Colonel, educators emphasize Impact Aid
MADISON – Redstone Arsenal officials and educators from the Madison, Huntsville and Madison County districts joined forces to stress the importance for parents to complete forms for federal Impact Aid dollars.
Impact Aid is money that the federal government pays in lieu of property taxes to schools that educate the children of federal workers.
Educators and military brass convened for a joint news conference on Sept. 15 at Horizon Elementary School. From the arsenal, Col. Bill Marks and Barbara W. Williams with School Liaison Services, along with Madison City Schools Superintendent Dr. Dee Fowler, led the gathering.
Madison’s federal programs coordinator Sharon Willis discussed Department of Defense Education Activity (DoDEA) grants, and district at-risk counselor Cindy Davis reported on Student 2 Student initiatives. Mayor Troy Trulock also attended.
One in four students in Madison City Schools has a parent or guardian who works on federal property, which qualifies the district for extra money from the federal government, according to John Peck, public relations manager for the Madison district.
Teachers in all schools sent federal impact aid forms home with students on Sept. 15. The school staffs urged parents and guardians to take a few minutes to fill out the forms and return to the school as soon as possible, even if the parent is not sure about qualifying employment. School personnel will vet the forms that qualify, Peck said.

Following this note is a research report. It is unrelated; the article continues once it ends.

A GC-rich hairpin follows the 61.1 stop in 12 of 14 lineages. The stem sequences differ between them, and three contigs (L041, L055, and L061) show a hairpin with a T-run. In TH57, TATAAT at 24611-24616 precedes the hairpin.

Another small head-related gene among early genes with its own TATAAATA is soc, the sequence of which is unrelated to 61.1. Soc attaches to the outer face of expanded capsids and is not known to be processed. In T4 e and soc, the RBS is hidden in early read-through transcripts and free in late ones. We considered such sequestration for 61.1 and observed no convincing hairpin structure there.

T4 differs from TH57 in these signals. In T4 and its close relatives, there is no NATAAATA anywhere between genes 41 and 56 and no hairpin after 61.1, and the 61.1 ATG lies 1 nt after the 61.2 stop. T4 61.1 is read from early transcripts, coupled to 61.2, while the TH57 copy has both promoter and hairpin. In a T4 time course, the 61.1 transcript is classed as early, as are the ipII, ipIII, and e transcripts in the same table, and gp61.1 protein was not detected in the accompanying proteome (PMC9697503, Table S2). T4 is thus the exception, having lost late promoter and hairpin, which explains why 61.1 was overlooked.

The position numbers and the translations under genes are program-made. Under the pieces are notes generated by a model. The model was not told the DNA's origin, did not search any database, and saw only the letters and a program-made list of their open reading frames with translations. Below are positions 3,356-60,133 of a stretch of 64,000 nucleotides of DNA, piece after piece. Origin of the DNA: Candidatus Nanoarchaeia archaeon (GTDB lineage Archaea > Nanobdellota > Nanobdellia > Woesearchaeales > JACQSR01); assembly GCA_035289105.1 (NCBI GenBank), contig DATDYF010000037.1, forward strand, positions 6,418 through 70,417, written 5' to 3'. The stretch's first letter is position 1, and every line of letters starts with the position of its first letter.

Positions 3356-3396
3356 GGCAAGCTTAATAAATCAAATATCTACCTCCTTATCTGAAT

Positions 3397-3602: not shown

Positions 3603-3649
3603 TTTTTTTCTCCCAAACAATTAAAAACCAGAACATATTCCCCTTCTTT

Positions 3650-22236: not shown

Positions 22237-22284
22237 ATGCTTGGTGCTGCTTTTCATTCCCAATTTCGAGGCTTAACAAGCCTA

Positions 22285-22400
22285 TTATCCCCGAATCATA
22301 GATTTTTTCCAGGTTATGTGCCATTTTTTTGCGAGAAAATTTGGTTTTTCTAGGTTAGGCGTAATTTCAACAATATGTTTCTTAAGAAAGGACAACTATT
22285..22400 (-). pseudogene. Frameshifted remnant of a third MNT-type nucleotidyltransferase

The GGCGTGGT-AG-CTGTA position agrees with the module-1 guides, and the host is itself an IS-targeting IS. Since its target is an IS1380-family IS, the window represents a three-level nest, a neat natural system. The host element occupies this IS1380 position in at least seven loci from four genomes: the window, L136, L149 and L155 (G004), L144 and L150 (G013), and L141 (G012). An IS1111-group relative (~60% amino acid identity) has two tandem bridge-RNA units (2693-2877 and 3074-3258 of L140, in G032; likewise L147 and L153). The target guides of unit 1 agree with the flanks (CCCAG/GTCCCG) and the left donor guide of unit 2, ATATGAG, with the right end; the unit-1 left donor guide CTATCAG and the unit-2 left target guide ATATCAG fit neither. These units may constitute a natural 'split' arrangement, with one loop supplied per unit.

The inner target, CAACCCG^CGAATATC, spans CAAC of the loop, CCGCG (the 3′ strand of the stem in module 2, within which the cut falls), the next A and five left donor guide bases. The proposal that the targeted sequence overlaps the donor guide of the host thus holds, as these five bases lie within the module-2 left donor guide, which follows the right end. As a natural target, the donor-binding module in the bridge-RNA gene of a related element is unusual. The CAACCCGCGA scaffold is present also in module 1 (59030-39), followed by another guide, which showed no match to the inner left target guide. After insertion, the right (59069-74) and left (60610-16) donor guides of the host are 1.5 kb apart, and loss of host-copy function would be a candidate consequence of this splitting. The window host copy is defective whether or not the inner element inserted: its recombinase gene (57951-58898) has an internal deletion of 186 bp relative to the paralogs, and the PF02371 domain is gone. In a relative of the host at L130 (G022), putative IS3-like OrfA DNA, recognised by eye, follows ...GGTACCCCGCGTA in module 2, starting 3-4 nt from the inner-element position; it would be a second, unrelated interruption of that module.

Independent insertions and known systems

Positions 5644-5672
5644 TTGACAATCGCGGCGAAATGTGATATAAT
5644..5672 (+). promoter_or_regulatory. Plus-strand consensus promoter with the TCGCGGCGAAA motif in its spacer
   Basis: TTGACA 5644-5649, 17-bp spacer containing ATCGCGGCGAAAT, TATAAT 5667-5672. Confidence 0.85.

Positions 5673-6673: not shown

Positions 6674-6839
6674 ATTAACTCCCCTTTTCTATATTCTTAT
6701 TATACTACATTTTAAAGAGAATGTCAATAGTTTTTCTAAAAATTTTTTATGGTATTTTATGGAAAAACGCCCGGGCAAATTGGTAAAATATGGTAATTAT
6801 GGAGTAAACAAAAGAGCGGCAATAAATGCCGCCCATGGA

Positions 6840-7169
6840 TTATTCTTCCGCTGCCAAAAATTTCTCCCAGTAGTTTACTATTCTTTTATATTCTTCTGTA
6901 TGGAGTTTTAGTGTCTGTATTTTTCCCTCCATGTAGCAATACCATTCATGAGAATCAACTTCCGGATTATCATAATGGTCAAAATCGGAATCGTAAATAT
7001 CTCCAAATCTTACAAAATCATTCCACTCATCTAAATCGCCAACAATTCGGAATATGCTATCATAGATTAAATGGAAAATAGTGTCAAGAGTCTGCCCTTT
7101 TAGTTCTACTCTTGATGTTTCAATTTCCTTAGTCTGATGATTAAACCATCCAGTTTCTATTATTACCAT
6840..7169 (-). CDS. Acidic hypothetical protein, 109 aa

In the last 12 years, Madison City Schools received approximately $2.5 million from this fund. The government also awards additional DoDEA grants based on Impact Aid participation. Madison received more than $4 million in DoDEA grants in the last five years.
The form asks parents to list their job and work location. Working on federal property, like Redstone Arsenal, NASA, federal courthouse, public housing authority or TVA, qualifies the district for Impact Aid money. The job can be associated with the military, civil service or private contracting. One form per child is required.
For 2014 in Madison, 2,423 of 9,764 students (24.7 percent) qualified the district for federal impact aid.